The Lord said to Moses and Aaron in Egypt, 2 “This month is to be for you the first month, the first month of your year. 3 Tell the whole community of Israel that on the tenth day of this month each man is to take a lamb for his family, one for each household. 4 If any household is too small for a whole lamb, they must share one with their nearest neighbor, having taken into account the number of people there are. You are to determine the amount of lamb needed in accordance with what each person will eat. 5 The animals you choose must be year-old males without defect, and you may take them from the sheep or the goats.6 Take care of them until the fourteenth day of the month, when all the members of the community of Israel must slaughter them at twilight. 7 Then they are to take some of the blood and put it on the sides and tops of the doorframes of the houses where they eat the lambs. 8 That same night they are to eat the meat roasted over the fire, along with bitter herbs, and bread made without yeast. 9 Do not eat the meat raw or boiled in water, but roast it over a fire—with the head, legs and internal organs. 10 Do not leave any of it till morning; if some is left till morning, you must burn it. 11 This is how you are to eat it: with your cloak tucked into your belt, your sandals on your feet and your staff in your hand. Eat it in haste; it is the Lord’s Passover.
12 “On that same night I will pass through Egypt and strike down every firstborn of both people and animals, and I will bring judgment on all the gods of Egypt. I am the Lord. 13 The blood will be a sign for you on the houses where you are, and when I see the blood, I will pass over you. No destructive plague will touch you when I strike Egypt.
14 “This is a day you are to commemorate; for the generations to come you shall celebrate it as a festival to the Lord—a lasting ordinance.
1 Corinthians 10:16-17
16 Is not the cup of thanksgiving for which we give thanks a participation in the blood of Christ? And is not the bread that we break a participation in the body of Christ? 17 Because there is one loaf, we, who are many, are one body, for we all share the one loaf.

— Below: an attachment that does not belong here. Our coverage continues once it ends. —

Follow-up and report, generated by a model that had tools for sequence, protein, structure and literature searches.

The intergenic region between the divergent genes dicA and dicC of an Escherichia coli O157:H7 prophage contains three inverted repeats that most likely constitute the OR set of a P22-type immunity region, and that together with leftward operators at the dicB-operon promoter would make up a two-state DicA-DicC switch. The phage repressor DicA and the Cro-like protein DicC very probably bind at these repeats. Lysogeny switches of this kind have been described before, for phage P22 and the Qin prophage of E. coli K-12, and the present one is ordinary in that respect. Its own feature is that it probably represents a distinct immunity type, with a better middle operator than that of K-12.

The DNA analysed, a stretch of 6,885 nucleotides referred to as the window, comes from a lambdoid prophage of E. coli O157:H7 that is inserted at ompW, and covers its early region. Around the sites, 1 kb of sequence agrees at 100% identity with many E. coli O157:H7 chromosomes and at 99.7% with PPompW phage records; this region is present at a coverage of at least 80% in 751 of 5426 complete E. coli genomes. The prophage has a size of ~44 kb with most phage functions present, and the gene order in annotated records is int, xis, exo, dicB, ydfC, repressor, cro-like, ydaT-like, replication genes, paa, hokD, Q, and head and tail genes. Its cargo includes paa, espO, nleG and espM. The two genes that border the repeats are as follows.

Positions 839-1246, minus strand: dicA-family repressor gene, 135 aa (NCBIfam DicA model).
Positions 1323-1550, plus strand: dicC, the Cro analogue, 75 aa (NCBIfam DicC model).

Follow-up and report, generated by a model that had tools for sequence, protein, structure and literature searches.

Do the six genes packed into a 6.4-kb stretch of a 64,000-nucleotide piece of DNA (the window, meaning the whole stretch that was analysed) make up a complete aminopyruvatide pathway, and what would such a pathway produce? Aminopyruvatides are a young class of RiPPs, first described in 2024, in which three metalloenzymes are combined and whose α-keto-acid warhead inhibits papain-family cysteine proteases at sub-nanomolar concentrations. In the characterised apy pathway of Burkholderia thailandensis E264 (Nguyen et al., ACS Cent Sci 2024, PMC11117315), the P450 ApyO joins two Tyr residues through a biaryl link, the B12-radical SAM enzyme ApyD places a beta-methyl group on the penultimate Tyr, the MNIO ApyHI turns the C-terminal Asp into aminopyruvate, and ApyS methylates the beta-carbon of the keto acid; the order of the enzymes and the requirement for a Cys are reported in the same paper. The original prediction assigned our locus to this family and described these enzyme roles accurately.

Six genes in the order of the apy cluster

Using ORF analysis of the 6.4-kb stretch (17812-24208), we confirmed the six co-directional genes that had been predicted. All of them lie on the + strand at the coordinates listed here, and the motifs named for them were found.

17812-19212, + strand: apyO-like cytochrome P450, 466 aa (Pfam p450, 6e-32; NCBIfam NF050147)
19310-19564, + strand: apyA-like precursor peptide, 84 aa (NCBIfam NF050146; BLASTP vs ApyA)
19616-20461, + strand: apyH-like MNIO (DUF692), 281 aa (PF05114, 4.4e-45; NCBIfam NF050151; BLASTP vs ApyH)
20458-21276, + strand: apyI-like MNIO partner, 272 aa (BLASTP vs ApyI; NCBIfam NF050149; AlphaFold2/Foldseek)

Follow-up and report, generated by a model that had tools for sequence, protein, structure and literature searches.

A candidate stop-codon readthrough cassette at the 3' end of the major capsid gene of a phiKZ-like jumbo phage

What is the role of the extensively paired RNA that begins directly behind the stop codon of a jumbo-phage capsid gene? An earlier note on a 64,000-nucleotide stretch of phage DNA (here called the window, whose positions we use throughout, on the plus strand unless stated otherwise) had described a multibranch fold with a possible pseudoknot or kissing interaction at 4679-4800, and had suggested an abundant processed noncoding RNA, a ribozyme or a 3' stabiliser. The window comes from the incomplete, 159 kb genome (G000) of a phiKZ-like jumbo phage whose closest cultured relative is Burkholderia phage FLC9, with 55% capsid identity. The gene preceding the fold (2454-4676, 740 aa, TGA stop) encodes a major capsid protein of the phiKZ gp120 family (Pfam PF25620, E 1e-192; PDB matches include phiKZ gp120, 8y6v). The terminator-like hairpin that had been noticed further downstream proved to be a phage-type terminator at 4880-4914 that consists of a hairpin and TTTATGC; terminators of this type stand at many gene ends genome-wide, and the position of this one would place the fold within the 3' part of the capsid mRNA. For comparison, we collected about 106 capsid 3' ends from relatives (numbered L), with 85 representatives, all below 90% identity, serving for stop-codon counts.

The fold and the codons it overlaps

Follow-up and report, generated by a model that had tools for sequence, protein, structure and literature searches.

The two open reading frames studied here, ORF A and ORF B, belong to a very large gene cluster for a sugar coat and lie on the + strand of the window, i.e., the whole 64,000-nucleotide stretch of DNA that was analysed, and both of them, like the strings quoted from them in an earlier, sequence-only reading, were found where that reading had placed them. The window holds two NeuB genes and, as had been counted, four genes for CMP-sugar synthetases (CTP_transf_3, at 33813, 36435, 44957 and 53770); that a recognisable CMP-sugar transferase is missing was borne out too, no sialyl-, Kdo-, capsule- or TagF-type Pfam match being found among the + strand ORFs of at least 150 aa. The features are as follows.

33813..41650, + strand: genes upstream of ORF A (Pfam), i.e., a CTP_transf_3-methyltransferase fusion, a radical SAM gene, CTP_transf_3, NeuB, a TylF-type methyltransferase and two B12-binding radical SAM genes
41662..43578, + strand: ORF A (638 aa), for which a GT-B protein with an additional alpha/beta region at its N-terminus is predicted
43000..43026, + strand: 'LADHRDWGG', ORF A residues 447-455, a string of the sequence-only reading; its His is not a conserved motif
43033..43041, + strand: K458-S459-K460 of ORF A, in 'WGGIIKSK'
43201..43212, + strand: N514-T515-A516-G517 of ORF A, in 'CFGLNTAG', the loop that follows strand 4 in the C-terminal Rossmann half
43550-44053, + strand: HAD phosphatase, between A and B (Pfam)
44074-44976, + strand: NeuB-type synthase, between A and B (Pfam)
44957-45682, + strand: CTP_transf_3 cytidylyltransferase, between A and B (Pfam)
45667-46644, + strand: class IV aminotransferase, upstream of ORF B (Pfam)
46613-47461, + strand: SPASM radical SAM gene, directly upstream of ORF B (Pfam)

The Jewish Passover began following the Israelites release from Egypt. God instructed that the people were to celebrate the Passover to remember God’s delivering them out of slavery in Egypt. Over the years of their existence the people would continue to need delivering and God would be faithful. Thus, the Passover took on much deeper meaning as the people of God continued their life with God. As Jesus met and celebrated his final Passover with his disciples, it marked the beginning of new Passover – the Passover of Christ. Through his coming death, Jesus takes on the consequences of humanity’s brokenness and we are passed over by the grace of God give to us in Jesus. Dr. Dunnam says, “In the first days of the church, following Jesus’ resurrection and ascension, Christians made this ‘new Passover’ a central act of worship….[The Apostle Paul] says to them: ‘The cup of blessing which we bless, is it not a participation in the blood of Christ? The bread which we break, is it not a participation in the body of Christ? Because there is on bread, we who are many are one body, for we all partake of the one bread’ (1 Cor. 10:16-17 RSV).”
Write down and/or share what you think or feel about Jesus being the new Passover lamb for you. What do you think it means to “participate” as Paul puts it, in the broken body and shed blood of Jesus?
Maundy Thursday is a day to remember the beginning of the end. It was the beginning of the end of the earthly life and ministry of Jesus. It was the beginning of the end of sin’s grip on humanity, and it was the beginning of the end of human brokenness with no hope. Jesus, our pure and perfect Passover lamb, invites us to participate in his sacrifice and the benefits found therein – forgiveness, new life, eternal life.
“O Lord, let my soul rise up to meet you as the day rises to meet the sun. Glory to the Father, and to the Son, and to the Holy Spirit, as it was in the beginning, is now, and will be forever.”
Dunnam, Maxie. With Jesus In The Upper Room. Seedbed, 2017, pp. 3-4.
Ibid. pp. 9-10.
Claiborne, Shane, Jonathan Wilson-Hartgrove, and Enuma Okoro. Common Prayer: A Liturgy for Ordinary Radicals. Zondervan, 2010, pp. 224.